The Twelfth Day of Christmas in Ethiopia

15th January 2017

Swimming pools are something you might not associate with a religious festival. Mention the Twelfth Day of Christmas, and most Westerners will start humming and conjure up 12 drummers drumming rather than a swimming pool. But on Thursday the 19th January, the Fasiledes Bath in Gonder will be at the heart of one of Ethiopia’s most joyous and colourful festivals of the year –  Epiphany, or Timket as it’s known in Ethiopia.

Built by Emperor Fasiledes more than 350 years ago, the Fasiledes Bath in Gonder is no ordinary swimming pool. It’s a UNESCO World Heritage Site for one. It’s also longer than an Olympic swimming pool and has a three-storey bathing palace in the middle.  Unfortunately, for much of the year the bath now remains dry, but on Tir 11 (19th January by the Western calendar), just 12 days after Orthodox Christmas, the place is transformed. The pool is filled with water, and for this one day the tourists are replaced by thousands of local worshippers.

Timket, which literally means ‘baptism’, celebrates the baptisms performed by John the Baptist in the River Jordan some 2,000 years ago. The pools and the sprinkling of water over the faithful remind Ethiopian Orthodox Christians of their rebirth as forgiven sinners.

On Wednesday evening thousands of Christians in and around Gonder will finish work early and process from their home churches, all converging eventually on Fasiledes Bath. Services of prayer and thanksgiving interspersed with chanting and clapping will continue until the next morning. (For children it’s an exciting time: the chance to stay up and out the house all night!)

The highlight comes after the main early morning service, when the waters in the enormous pool have been blessed. Then enthusiastic worshippers can leap in and splash joyfully in the waters of the pool.Priests sprinkle water on those who can’t get to the pool.   In days gone by, they would’ve done this by hand, but today they use hosepipes.

The colour of the festival comes from the costumes worn by the priests and the dresses worn by the worshippers. The Amharic saying “if a dress is not fit for Timket, then it should be cut up” alludes to the fact that those attending the Timket festival should be seen wearing their very best. Locals will also tell you that this custom is the trigger for the start of many love affairs. There’s even a Timket tradition where boys throw lemons at the beautifully dressed girl they fancy: if the girl catches the lemon, it means she accepts the date!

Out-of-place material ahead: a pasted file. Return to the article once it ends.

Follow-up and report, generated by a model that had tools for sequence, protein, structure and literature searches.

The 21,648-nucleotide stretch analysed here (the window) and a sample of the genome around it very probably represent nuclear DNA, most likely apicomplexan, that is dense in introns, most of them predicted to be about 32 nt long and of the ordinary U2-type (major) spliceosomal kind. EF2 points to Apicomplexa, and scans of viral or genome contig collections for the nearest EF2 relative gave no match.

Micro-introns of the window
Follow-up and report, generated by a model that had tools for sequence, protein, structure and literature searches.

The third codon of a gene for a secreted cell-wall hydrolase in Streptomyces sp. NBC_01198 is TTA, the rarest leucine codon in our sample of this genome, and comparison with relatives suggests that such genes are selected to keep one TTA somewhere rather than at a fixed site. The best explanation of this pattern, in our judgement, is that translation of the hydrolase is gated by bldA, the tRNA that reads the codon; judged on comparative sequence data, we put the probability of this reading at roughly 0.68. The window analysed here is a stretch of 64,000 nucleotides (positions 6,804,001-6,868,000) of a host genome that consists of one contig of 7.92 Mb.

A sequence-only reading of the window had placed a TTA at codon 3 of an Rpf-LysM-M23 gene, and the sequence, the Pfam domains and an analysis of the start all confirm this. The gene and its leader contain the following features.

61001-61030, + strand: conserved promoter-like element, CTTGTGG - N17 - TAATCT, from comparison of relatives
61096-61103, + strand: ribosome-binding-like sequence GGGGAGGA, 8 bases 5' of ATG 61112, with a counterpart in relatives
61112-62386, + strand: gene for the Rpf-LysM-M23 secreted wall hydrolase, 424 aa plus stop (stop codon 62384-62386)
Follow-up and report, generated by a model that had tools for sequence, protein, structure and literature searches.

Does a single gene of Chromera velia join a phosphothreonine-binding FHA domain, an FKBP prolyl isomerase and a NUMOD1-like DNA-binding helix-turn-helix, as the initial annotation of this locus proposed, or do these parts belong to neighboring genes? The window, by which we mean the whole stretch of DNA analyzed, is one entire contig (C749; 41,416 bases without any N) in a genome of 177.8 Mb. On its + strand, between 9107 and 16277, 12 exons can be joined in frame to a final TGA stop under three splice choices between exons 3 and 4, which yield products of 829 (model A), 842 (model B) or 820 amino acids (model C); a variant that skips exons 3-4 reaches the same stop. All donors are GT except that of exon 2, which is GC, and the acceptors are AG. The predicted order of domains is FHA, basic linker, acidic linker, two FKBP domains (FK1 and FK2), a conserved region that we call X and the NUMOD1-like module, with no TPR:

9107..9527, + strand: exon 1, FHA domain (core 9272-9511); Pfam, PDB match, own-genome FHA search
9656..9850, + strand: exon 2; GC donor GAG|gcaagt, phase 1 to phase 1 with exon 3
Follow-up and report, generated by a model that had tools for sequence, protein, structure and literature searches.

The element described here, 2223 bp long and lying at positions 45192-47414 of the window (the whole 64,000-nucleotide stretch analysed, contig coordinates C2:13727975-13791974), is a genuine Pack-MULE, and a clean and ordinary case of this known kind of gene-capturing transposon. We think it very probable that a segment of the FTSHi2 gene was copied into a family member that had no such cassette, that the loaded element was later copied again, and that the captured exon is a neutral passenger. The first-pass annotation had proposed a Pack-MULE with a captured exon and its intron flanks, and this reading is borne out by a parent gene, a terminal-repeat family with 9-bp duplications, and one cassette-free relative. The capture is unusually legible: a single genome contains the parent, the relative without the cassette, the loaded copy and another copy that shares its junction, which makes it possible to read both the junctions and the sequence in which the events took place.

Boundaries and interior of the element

Of course, the festival of Timket doesn’t only happen in Gonder. All over Ethiopia, people gather in their communities before parading together to the Tabot Maderiya where the local Timket service takes place. There are hundreds of different gatherings across Ethiopia: in Addis Ababa, Axum, Lalibela and other towns up and down the country. In some places, there may not be pools available and instead the priests will sprinkle water by hand, or else use hosepipes to spray the holy water.

Ethiopia may not have world-famous music or literary festivals, but their unique religious festivals more than make up for that.  Timket is truly a national religious holiday, and one that is spectacular to see.

If you would like to experience Timket in Ethiopia next year, we would love to help you arrange your visit. We organise small group tours to all four of Ethiopia’s most impressive religious festivals. Each tour is led by one of our exceptional local guides. Get in touch.

Richard Nerurkar

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